Nairobi News was launched by the Nation Media Group a few months after The Nairobian of the Standard Group was launched. The two newspapers were out to cater to the same target market. According to sources, competition among the two bigwigs was so stiff that Nairobi News was unable to continue operations due to reduced sales and advertisements. Yesterday’s issue was the last, and the paper joins the growing list of NMG experiments that have not worked out. Among them are Daily Metro and Sporton.
Standard was also recently forced to discontinue The County Weekly for the same reasons as NMG in Nairobi News case.
This was the statement Nation Media released yesterday.
Today, May 21, 2014, we say farewell to you, dear reader.
This is the last issue of the newspaper which you have come to love. It’s the final, emotional step in our short but action packed life. Good ideas are driven by inspiration, but their ultimate survival is determined by business. Our brave efforts at breaking new ground in Kenyan journalism have foundered on the rocks of crippling economic times.
Little advertising and slow sales growth at a time of rising costs made Nairobi News survival impossible.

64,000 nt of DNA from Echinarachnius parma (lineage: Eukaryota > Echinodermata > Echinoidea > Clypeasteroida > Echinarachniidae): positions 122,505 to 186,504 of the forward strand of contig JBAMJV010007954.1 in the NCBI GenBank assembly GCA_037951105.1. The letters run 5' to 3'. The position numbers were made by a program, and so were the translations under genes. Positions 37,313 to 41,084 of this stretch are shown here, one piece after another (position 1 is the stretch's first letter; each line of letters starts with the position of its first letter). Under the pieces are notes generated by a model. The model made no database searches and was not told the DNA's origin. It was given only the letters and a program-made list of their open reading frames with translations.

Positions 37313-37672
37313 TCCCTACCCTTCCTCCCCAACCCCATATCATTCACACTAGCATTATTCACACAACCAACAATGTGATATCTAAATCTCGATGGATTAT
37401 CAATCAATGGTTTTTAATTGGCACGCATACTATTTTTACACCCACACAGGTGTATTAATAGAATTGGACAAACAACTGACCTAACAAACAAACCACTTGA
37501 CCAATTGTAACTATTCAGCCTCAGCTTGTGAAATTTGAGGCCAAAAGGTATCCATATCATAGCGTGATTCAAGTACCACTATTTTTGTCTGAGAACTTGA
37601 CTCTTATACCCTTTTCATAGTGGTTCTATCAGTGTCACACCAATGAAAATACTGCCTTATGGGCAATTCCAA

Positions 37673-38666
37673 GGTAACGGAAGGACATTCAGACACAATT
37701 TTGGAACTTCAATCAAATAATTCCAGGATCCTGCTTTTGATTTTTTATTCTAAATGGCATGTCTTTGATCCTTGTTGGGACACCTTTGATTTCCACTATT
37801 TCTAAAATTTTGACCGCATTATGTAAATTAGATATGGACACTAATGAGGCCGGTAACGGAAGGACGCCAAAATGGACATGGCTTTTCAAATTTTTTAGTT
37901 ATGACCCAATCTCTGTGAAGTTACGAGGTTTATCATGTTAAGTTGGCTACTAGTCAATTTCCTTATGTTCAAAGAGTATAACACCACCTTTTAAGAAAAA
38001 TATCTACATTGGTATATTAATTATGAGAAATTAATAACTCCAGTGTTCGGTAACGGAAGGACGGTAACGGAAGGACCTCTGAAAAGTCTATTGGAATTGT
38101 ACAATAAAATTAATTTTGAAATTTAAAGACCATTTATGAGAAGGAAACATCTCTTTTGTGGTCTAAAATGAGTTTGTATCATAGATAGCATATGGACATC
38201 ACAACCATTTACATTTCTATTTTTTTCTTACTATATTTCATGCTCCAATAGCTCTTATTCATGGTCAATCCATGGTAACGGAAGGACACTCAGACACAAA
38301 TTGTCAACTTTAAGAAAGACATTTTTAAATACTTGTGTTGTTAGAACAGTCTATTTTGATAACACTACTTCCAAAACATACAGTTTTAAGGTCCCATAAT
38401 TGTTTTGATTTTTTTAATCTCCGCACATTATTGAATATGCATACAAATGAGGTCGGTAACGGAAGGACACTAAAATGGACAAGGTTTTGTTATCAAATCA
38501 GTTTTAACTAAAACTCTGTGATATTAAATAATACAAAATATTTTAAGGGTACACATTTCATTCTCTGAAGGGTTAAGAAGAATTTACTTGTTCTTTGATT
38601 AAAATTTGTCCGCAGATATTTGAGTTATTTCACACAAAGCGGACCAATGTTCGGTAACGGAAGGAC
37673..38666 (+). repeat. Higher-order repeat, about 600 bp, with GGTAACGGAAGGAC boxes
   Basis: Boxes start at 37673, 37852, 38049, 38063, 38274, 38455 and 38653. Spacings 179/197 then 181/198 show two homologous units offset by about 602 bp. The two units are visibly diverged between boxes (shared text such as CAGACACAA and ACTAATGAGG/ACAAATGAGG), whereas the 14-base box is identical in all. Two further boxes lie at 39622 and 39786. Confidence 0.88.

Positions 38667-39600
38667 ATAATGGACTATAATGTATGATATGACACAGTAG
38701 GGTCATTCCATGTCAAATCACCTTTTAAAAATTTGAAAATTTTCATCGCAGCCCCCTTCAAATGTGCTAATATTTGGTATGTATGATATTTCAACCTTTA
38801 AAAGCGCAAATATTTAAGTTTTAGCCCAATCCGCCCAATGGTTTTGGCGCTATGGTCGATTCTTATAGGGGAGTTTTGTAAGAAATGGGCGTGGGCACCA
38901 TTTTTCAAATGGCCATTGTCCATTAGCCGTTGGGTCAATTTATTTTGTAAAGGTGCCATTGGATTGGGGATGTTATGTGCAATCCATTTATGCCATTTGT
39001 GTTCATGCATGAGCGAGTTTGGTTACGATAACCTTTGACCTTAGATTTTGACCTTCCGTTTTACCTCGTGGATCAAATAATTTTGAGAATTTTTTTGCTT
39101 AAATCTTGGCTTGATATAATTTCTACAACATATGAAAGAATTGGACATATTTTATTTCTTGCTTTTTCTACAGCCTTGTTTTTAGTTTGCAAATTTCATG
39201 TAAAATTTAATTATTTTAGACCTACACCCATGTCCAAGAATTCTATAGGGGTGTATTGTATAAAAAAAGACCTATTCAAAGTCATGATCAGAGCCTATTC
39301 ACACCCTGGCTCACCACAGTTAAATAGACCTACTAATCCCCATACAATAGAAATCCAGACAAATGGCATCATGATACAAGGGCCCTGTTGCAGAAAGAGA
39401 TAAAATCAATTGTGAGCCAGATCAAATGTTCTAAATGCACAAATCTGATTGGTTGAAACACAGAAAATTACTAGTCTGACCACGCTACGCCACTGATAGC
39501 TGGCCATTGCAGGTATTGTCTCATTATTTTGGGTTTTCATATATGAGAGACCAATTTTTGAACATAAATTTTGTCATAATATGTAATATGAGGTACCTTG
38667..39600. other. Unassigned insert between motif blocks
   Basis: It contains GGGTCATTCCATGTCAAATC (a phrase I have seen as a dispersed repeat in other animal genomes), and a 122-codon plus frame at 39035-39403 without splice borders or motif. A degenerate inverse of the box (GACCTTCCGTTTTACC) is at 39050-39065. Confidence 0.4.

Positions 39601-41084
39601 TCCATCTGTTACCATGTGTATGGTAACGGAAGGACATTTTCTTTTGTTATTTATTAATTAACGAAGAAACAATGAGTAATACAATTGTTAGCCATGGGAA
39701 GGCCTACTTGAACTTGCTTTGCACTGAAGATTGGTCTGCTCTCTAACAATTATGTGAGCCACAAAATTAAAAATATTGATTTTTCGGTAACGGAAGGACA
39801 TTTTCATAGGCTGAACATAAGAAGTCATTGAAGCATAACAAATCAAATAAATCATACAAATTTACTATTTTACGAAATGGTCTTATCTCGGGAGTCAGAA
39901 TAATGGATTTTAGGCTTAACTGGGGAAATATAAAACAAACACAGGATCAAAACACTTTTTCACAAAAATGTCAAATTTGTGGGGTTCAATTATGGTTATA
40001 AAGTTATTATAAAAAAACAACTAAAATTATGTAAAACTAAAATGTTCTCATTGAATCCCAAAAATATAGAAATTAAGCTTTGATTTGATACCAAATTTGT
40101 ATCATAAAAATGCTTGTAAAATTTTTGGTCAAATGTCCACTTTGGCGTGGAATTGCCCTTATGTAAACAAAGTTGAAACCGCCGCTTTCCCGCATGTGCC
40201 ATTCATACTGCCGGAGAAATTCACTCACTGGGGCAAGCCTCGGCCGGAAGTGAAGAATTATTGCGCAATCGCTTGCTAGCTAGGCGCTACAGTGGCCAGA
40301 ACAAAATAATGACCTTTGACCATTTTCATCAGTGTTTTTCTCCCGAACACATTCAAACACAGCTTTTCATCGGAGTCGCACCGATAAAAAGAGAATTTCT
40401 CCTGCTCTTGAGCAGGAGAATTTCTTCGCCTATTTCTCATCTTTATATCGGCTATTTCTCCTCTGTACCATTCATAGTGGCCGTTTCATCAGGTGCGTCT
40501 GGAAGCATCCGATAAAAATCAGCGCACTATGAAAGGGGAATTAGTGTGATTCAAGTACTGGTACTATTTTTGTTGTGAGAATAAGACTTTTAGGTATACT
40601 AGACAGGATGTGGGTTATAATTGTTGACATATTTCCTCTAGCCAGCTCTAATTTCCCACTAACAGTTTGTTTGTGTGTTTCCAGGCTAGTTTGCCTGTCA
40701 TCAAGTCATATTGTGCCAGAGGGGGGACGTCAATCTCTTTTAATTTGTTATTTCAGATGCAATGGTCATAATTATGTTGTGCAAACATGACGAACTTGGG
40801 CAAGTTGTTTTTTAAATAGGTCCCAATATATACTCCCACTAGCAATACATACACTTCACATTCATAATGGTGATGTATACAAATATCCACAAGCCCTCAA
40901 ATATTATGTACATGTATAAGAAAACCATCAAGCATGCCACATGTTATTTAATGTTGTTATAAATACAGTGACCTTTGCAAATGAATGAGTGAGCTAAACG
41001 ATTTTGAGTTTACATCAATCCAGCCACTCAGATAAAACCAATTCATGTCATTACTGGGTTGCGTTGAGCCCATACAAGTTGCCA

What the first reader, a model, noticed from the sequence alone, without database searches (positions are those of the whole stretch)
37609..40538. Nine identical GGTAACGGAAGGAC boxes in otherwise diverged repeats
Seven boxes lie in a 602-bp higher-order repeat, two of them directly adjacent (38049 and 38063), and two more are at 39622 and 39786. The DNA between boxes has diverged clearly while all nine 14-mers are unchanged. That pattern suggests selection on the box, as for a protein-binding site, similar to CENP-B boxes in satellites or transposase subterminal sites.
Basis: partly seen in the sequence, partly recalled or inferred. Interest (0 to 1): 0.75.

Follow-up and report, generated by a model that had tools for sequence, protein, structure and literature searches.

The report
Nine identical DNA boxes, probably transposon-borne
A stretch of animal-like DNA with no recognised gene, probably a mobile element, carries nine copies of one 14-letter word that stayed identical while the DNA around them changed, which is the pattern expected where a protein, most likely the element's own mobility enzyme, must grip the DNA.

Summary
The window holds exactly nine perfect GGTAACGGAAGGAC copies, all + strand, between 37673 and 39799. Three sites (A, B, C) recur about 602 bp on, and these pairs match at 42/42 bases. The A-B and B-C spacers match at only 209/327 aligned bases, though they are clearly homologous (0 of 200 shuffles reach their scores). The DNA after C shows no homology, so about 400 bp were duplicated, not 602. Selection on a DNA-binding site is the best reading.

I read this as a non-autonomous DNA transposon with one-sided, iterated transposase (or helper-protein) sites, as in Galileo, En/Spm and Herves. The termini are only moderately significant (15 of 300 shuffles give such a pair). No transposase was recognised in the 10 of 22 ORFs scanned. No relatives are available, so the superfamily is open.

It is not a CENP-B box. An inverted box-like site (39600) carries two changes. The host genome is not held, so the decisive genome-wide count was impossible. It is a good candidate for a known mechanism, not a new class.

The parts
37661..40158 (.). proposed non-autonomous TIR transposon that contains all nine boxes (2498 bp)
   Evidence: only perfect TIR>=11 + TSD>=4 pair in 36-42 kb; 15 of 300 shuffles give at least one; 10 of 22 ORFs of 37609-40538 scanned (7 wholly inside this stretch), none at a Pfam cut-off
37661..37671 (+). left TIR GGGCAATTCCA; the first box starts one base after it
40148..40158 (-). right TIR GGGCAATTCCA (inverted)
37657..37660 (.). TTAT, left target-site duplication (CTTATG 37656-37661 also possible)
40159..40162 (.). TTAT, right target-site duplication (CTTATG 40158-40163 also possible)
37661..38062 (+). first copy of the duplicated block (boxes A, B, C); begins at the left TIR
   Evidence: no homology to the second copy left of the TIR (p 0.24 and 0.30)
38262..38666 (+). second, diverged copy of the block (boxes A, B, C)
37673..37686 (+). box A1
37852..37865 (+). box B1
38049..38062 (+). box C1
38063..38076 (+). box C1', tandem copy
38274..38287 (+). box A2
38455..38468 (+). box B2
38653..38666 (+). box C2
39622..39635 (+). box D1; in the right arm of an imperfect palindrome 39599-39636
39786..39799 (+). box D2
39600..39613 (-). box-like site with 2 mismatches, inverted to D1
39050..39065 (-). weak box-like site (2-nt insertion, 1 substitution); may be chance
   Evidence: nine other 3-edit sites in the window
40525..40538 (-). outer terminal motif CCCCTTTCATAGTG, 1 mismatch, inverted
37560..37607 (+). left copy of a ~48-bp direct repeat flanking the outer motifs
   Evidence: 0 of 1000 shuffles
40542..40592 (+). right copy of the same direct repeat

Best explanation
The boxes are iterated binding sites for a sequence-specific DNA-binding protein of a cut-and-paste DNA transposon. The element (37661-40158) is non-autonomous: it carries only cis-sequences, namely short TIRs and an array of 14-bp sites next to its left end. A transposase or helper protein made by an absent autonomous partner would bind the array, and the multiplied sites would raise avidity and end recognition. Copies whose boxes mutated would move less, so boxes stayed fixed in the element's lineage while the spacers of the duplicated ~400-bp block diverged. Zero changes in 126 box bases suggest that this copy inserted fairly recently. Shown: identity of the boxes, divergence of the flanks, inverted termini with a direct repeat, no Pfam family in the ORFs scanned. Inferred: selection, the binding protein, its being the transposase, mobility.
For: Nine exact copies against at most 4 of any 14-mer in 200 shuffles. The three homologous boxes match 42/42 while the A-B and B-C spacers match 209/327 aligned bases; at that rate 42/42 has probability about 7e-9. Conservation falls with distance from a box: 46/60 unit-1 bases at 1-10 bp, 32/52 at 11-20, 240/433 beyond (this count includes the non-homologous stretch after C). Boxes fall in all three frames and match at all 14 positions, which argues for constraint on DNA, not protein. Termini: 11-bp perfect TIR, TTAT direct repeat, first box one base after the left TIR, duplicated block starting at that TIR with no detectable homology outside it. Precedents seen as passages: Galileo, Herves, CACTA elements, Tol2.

November 20 last year seems like only yesterday. Such has been our whirlwind life of enterprising journalism – improbable exposes, dramatic pictures and a refreshing menu of human interest features telling you the story of the city.
With our captivating blend of simple writing and bold headlines, we reached out to the ordinary Nairobi resident. We spoke to ordinary housewives and adventurous teenagers, and we brought new energy into the reading choice of Nairobians proud of their home city.
Thank you for standing by us and keeping the faith. So long, we are gone but Nairobi lives forever.
For the longest period now, Standard has continued to beat Nation in the gossip department. While the former throws all caution to the wind when reporting, their Kimathi Street counterparts tend to be more careful. The latest issue of the Nairobian is testament. Rape allegations against a sitting senator; something that can never happen at Nation.
Standard’s carefree nature also perhaps explains why their Pulse magazine pullout is popular, unlike Nation’s Zuqka.